Wealthy bourgeois families in the Third Estate could buy political office and even titles, but the best jobs were still reserved for nobles. Urban workers earned miserable wages. Even the smallest rise in the price of bread, their main food, brought the threat of greater hunger or even starvation. In 1775, before the French Revolution, peasants rioted over the high price of bread in an event called the “Flour War.”
Because of traditional privileges, the First and Second Estates paid almost no taxes. Peasants were burdened by taxes on everything from land to soap to salt. Though they were technically free, many owed fees and services that dated back to medieval times, such as the corvée (kawr VAY), which was unpaid labor to repair roads and bridges.
Peasants were also incensed when nobles, hurt by rising prices, tried to reimpose old manor dues. In towns and cities, Enlightenment ideas about equality led people to question the inequalities of the old regime. Why, people demanded, should the first two estates have such great privileges at the expense of the majority? Throughout France, the Third Estate called for the privileged classes to pay their share.
How did the lives of the Third Estate differ from the lives of clergy and nobles?
Along with social unrest, France faced economic woes, especially a mushrooming financial crisis. The crisis was caused in part by years of deficit spending. This occurs when a government spends more money than it takes in.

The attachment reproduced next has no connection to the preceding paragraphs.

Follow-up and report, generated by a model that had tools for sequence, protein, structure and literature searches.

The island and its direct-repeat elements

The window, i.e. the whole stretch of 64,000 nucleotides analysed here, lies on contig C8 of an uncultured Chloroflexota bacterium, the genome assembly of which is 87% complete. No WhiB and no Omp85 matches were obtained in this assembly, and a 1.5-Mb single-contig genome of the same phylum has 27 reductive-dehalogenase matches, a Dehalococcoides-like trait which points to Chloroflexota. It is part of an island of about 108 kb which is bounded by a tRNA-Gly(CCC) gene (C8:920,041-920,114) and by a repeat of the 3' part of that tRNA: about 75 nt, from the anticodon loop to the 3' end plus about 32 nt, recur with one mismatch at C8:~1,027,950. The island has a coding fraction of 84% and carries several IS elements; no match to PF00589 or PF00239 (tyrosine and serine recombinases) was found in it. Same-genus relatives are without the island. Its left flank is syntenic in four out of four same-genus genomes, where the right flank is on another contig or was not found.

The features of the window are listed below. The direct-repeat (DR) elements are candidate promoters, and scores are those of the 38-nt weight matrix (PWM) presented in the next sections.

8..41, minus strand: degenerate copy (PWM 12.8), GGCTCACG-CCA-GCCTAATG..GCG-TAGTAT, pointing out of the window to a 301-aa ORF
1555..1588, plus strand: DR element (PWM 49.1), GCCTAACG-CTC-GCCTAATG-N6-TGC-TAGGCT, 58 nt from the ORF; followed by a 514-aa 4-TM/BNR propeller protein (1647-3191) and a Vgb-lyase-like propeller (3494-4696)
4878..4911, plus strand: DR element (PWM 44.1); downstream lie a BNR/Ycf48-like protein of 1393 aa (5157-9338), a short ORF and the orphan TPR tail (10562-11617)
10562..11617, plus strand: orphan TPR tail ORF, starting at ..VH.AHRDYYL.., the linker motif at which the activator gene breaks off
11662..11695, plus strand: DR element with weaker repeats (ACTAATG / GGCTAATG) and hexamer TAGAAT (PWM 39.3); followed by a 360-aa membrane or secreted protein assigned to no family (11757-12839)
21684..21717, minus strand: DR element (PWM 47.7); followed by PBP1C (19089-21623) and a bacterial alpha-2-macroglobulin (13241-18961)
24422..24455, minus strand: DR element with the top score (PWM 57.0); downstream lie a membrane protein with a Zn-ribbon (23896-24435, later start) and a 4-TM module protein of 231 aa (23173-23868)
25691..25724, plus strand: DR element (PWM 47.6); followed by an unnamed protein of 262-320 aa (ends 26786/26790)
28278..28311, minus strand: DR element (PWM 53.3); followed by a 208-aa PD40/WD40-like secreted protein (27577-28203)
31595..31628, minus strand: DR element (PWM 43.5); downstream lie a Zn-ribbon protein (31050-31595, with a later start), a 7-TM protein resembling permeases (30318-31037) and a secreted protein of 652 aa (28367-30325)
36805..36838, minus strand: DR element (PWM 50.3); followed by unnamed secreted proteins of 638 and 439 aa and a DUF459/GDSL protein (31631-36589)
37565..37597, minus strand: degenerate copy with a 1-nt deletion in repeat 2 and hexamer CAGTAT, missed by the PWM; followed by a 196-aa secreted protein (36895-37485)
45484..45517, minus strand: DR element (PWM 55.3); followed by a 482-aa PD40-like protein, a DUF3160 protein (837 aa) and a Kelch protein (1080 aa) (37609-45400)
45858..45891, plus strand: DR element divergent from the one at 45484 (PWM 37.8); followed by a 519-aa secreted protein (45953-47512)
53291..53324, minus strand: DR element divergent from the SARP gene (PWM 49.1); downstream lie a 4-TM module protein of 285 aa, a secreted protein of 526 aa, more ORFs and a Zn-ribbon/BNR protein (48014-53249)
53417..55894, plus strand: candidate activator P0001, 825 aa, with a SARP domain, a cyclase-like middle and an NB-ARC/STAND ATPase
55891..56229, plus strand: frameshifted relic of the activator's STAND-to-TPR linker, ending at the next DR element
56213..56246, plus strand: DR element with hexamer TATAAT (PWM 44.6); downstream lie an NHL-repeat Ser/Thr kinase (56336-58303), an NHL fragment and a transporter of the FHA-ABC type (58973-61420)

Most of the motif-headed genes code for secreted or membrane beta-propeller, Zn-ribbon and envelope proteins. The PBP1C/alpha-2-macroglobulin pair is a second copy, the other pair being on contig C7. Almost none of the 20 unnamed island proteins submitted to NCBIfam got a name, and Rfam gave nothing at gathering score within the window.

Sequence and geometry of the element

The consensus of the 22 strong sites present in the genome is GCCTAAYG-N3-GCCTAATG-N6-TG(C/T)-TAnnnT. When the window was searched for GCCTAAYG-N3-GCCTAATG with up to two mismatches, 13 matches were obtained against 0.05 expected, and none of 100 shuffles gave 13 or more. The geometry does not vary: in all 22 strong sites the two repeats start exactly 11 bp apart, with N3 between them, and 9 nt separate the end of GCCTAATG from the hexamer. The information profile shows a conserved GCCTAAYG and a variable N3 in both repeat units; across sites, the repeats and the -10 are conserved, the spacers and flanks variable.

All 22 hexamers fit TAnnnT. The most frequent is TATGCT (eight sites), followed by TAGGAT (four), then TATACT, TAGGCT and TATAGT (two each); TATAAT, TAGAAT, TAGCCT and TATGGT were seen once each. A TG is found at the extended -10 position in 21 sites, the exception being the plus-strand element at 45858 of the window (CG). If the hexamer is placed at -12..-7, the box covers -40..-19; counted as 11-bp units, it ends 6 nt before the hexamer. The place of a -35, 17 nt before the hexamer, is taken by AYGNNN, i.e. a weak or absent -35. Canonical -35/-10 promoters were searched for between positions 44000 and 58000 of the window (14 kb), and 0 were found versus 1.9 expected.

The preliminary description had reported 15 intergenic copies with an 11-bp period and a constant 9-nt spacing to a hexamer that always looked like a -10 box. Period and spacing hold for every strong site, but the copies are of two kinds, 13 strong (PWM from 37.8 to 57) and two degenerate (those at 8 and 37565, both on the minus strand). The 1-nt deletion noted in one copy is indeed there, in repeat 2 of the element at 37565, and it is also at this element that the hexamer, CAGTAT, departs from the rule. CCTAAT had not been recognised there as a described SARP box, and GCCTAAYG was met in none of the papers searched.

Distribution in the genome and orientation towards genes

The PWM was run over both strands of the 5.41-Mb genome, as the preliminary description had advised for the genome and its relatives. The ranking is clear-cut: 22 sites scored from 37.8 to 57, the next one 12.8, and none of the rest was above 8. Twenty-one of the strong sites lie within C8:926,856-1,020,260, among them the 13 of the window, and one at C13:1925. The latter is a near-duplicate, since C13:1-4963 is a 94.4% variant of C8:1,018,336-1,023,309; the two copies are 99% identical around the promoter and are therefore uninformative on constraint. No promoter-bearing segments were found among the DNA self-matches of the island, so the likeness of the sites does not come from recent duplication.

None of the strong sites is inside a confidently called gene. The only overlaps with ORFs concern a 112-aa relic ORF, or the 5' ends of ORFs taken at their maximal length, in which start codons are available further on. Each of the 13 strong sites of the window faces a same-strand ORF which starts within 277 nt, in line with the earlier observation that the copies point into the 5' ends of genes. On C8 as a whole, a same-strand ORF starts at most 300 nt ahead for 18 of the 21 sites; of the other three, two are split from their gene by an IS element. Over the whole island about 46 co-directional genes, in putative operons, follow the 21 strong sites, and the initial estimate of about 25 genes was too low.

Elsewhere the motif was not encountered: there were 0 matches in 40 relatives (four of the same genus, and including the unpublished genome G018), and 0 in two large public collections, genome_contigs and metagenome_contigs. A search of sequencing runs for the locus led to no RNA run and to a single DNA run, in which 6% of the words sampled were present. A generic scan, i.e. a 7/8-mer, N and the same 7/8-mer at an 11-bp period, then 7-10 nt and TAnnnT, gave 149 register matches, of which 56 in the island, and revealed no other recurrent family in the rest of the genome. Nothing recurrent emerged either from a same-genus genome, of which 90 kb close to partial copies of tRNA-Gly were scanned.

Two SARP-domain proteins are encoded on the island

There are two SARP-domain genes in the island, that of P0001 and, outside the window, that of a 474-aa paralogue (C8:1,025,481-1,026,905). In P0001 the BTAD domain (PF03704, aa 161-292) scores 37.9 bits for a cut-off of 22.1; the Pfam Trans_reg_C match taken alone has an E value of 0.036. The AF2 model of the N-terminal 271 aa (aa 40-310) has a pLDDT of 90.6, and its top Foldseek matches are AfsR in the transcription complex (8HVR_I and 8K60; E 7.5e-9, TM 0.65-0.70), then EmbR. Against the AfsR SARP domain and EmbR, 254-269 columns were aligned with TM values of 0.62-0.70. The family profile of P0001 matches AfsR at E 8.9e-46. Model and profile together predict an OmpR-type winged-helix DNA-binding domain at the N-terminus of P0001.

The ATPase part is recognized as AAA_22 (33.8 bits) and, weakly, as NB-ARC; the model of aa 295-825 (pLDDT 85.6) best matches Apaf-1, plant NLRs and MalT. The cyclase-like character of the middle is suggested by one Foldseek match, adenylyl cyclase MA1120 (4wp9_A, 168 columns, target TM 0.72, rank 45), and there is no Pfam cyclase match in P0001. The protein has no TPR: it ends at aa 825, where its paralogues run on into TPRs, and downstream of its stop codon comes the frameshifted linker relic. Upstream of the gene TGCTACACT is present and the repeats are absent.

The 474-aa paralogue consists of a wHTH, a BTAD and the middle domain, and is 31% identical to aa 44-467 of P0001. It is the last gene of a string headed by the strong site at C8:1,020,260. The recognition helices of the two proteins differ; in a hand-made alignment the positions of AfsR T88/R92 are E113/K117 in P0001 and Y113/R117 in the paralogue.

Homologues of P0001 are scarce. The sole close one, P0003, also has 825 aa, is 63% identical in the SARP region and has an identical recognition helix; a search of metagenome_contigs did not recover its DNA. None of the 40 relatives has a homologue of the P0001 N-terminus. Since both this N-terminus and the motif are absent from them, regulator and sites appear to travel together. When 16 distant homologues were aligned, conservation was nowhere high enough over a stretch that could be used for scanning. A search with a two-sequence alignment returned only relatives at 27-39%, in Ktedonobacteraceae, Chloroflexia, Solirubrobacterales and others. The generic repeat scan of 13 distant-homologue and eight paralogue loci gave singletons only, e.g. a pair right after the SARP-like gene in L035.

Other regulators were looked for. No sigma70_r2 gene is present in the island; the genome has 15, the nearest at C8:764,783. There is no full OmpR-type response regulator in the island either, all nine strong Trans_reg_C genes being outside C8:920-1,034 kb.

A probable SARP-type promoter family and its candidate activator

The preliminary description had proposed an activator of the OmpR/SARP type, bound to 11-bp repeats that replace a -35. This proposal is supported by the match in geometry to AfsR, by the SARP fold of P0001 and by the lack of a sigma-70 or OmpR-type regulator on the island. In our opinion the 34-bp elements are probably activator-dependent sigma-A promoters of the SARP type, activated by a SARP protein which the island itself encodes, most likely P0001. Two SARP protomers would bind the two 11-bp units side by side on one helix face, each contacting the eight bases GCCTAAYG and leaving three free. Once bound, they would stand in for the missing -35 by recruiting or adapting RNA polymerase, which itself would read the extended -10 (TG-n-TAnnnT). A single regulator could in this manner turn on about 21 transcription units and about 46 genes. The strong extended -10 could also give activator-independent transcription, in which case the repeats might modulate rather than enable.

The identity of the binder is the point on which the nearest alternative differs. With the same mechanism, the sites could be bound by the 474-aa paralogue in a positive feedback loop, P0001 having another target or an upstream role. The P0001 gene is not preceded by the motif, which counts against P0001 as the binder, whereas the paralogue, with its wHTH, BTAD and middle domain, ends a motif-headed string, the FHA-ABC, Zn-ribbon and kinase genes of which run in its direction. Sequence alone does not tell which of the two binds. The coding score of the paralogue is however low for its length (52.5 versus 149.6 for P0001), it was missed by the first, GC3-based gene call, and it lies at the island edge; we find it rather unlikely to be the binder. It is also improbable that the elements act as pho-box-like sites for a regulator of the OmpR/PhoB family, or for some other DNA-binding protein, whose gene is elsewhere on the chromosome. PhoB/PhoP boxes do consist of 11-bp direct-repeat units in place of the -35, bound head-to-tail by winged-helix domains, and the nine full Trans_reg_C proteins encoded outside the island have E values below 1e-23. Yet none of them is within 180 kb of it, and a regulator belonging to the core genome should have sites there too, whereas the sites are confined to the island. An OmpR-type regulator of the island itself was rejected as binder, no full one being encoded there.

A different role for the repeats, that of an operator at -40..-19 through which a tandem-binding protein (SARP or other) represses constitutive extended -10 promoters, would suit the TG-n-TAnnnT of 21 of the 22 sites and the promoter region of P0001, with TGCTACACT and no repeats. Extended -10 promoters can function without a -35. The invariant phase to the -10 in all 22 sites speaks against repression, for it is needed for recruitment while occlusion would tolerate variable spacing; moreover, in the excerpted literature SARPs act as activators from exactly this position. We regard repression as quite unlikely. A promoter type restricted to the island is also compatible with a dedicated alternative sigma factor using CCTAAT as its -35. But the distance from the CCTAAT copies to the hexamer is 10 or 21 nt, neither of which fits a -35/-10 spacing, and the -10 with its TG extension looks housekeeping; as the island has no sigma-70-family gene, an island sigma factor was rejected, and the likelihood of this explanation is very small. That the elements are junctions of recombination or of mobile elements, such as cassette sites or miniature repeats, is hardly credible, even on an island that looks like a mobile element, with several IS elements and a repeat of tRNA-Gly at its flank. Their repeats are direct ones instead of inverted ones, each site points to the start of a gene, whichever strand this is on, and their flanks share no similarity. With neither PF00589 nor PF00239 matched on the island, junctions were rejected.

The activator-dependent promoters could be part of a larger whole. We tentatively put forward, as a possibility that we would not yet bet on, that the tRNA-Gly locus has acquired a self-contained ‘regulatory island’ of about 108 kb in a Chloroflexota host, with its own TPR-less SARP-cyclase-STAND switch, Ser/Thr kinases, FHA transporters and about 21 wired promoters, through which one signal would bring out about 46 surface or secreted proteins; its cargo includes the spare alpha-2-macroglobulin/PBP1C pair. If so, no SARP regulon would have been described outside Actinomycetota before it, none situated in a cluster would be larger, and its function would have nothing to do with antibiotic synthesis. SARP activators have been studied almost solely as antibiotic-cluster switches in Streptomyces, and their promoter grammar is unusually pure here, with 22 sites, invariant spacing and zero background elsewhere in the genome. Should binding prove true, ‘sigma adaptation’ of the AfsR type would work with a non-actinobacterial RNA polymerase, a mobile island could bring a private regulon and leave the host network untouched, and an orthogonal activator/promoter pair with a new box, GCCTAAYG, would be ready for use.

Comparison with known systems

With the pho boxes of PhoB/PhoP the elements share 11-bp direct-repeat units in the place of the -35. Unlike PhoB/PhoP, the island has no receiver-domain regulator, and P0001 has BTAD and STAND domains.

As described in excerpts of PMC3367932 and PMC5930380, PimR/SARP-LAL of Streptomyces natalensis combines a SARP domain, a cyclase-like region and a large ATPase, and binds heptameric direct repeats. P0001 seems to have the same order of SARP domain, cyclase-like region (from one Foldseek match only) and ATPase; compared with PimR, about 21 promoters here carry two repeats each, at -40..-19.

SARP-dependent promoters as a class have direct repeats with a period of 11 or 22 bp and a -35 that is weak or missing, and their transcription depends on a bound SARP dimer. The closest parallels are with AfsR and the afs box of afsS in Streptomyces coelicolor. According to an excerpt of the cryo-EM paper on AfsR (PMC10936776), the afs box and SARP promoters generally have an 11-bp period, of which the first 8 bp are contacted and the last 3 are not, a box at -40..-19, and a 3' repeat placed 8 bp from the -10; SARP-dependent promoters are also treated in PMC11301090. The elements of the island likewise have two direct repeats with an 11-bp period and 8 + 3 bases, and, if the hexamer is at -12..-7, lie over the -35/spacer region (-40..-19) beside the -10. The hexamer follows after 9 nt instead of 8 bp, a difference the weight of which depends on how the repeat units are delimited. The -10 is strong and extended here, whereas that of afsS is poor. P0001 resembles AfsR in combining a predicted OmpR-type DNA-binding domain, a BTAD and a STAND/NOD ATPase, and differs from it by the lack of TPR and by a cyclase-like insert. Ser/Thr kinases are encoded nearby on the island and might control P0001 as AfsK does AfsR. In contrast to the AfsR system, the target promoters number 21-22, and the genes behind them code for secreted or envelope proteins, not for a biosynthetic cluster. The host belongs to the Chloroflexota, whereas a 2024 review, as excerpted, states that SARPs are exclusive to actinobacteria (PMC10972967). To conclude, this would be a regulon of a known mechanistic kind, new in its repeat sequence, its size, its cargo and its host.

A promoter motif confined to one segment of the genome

Louis XIV had left France deeply in debt. The Seven Years' War and the American Revolution strained the treasury even further. Costs generally had risen in the 1700s, and the lavish court soaked up millions. To bridge the gap between income and expenses, the government borrowed more and more money. By 1789, half of the government's income from taxes went to paying the interest on this enormous debt.
To solve the financial crisis, the government would have to increase taxes, reduce expenses, or both. However, the nobles and clergy fiercely resisted any attempt to end their exemption from taxes.
Other economic woes added to the crisis. A general economic decline began in the 1770s. Then in the late 1780s, bad harvests set food prices soaring and brought hunger to poorer peasants and city dwellers.
Hard times and lack of food inflamed these people. In towns, people rioted, demanding bread.
As France's deficit grew, so did the suffering of the poor. How much did the price of firewood rise between 1726 and 1789?